New Threats Change Amphibious Assault Strategy

New Threats Change Amphibious Assault Strategy

The Navy is contemplating changes to its strategic and tactical use of connectors such as the Landing Craft Air Cushion and Landing Craft Utility vessel in response to the fast-growing number of countries and non-state actors that are developing high-tech, surface and land-launched missiles.

As a key part of the Navy and Marine Corps expeditionary warfare and amphibious assault strategy, connectors are engineered to move equipment, weapons and personnel from ship to shore over the ocean.

The rapid international development and proliferation of long– range missiles with increasingly sophisticated and accurate precision-guidance systems is leading the Navy and Marine Corps to closely examine its concept of operations, Maj. Gen. Robert Walsh, director of the Navy’s expeditionary warfare division, told Military​.com in an interview.

“We used to go right up on the beach and go from close in to the beach. Now we are starting to see things like surface to surface missiles that are not just in the hands of nation-states.  They could be in the hands of some non-state actors,” Walsh said.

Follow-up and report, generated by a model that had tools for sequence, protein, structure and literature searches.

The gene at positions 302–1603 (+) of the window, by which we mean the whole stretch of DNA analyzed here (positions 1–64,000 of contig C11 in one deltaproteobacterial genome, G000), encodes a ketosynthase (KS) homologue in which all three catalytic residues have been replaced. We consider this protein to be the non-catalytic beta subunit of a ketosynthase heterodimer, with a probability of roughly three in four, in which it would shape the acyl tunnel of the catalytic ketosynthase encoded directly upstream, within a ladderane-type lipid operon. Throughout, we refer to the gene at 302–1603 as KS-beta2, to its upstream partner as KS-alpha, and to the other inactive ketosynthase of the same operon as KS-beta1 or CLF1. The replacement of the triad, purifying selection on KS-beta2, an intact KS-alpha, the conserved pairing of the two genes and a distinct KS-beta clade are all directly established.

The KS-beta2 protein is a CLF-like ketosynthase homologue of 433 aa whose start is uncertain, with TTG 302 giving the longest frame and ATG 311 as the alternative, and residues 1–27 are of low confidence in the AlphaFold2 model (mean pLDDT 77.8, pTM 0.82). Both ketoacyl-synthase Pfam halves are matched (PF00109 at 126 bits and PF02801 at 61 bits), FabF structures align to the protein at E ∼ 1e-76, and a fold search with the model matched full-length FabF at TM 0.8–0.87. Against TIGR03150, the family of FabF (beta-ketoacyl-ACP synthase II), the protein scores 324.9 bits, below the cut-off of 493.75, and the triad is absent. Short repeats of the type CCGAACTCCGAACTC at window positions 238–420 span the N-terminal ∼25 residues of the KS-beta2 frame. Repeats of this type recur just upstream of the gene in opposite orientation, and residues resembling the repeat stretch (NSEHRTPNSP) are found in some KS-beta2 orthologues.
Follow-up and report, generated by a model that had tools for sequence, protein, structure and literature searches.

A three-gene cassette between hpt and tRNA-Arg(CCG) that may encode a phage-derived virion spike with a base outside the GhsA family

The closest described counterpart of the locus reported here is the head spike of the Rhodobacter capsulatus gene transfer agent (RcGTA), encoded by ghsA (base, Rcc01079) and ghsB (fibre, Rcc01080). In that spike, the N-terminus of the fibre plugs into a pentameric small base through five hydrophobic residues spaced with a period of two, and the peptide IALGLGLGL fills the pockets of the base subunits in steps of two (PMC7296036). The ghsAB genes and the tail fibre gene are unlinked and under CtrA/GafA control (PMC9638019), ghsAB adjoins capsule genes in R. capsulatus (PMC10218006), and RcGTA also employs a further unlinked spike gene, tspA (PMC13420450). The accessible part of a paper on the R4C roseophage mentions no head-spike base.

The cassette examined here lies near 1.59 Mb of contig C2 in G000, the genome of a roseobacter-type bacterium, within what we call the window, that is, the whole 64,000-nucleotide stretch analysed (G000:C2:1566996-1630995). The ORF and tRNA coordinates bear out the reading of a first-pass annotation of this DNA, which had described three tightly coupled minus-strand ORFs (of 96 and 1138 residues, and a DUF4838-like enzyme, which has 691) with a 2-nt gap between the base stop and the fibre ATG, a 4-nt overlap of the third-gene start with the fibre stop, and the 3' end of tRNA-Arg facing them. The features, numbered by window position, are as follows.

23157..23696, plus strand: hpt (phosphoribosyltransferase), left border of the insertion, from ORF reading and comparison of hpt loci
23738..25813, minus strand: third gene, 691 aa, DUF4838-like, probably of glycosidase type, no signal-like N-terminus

The Navy and Marine Corps currently operate 32 Landing Craft Utility vessels, or LCUs, which are large over-sea troop and equipment amphibious transporters able to transit as much as 125 tons worth of gear from ship to shore.  The current fleet of LCUs, which have an average age of about 43-years, can travel as far at 1,200 nautical miles over periods up to 10 days, Navy officials said.

The Landing Craft Air Cushions, or LCACs, are smaller, newer, faster and higher tech than the LCUs. The Navy’s 72 LCACs can transport up to 60-tons, reach speed of 36-knots and travel ranges up to 200 nautical miles, Navy officials explained.  The LCACs were first produced in the 80s.